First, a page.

The Higher the Deficit Soars, the Harder the Economy Could Crash
-- October 14, 2003
The US budget deficit for the fiscal year that began October 1 will rocket to a record $600 billion, according to a group of 22 bond trading firms. The widening deficit is fueled by soaring costs of our involvement in Iraq, a proposed federal prescription drug benefit, $1.7 trillion in tax cuts, and more.
And, just like past estimates, this $600 billion estimate is probably far too optimistic. Just take a look at some previous predictions. In May, the White House projected a $304 billion shortfall for 2003. Then the White House revised its estimate of the shortfall to $455 billion. The real number will likely come in higher. This deficit is growing so quickly that no one can get a handle on it.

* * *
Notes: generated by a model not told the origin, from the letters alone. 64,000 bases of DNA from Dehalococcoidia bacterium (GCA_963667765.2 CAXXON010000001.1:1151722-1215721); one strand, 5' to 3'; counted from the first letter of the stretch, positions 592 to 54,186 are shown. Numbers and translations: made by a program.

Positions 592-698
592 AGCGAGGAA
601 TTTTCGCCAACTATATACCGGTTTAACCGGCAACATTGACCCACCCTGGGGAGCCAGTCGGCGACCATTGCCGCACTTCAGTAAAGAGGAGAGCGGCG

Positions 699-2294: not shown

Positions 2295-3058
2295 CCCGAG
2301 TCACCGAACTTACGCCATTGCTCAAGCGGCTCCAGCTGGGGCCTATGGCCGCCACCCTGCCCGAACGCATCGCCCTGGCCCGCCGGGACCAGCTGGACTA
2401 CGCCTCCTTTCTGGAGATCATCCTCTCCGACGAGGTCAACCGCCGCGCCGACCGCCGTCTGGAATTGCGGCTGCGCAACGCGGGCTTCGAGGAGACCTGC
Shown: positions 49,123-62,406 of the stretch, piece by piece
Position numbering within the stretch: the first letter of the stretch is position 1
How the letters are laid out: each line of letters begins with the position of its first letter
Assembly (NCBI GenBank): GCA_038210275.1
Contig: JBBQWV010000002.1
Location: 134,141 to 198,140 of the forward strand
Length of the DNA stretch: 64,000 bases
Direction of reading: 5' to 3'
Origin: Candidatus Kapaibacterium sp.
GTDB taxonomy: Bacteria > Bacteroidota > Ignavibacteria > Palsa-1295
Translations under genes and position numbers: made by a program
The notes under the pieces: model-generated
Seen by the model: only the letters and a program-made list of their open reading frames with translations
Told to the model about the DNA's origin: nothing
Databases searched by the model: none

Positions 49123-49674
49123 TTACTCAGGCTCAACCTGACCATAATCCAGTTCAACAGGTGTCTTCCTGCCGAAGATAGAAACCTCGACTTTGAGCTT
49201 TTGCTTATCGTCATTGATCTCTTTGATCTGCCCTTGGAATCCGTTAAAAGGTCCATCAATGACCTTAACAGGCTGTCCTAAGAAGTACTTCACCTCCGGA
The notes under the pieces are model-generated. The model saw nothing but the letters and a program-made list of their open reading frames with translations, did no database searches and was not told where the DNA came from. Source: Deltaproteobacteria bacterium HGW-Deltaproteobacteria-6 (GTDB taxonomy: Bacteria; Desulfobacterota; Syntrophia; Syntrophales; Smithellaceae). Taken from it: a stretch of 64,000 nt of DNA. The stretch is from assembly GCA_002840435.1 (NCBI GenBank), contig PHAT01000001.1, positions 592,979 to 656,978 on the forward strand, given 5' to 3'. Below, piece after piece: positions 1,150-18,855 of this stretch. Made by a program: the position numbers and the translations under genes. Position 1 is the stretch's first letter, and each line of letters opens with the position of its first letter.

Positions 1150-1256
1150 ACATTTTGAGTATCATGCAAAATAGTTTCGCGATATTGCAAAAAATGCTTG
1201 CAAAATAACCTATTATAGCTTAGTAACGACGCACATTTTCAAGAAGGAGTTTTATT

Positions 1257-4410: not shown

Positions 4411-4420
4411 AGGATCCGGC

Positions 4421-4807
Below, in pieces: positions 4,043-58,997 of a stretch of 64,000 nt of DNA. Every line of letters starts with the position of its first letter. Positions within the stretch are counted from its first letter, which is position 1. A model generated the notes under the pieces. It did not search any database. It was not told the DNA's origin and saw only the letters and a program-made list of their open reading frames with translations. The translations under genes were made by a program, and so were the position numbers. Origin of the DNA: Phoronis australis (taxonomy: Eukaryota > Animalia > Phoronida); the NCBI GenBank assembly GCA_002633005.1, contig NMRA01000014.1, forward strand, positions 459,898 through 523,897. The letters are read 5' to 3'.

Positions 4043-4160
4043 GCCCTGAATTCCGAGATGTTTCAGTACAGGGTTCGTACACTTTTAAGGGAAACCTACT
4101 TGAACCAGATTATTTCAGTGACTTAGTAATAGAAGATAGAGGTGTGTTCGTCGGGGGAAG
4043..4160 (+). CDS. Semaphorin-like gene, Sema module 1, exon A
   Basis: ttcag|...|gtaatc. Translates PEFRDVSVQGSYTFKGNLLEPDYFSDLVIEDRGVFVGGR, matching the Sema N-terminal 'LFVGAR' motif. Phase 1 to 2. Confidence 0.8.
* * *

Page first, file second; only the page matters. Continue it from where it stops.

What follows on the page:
The ever-rising deficit has terrible implications for the economy. By using runaway spending as an economic rescue effort, the government could torpedo the very recovery it hopes to achieve.
As the government pays more to finance the deficit, it competes with corporate borrowers for cash -- sending interest rates higher. This raises the cost of capital -- and that means lower investment, lower output and lower productivity. And that will smack down any economic recovery -- hard.
U.S. 2004 Deficit Will Surge to $600 Bln, Firms Say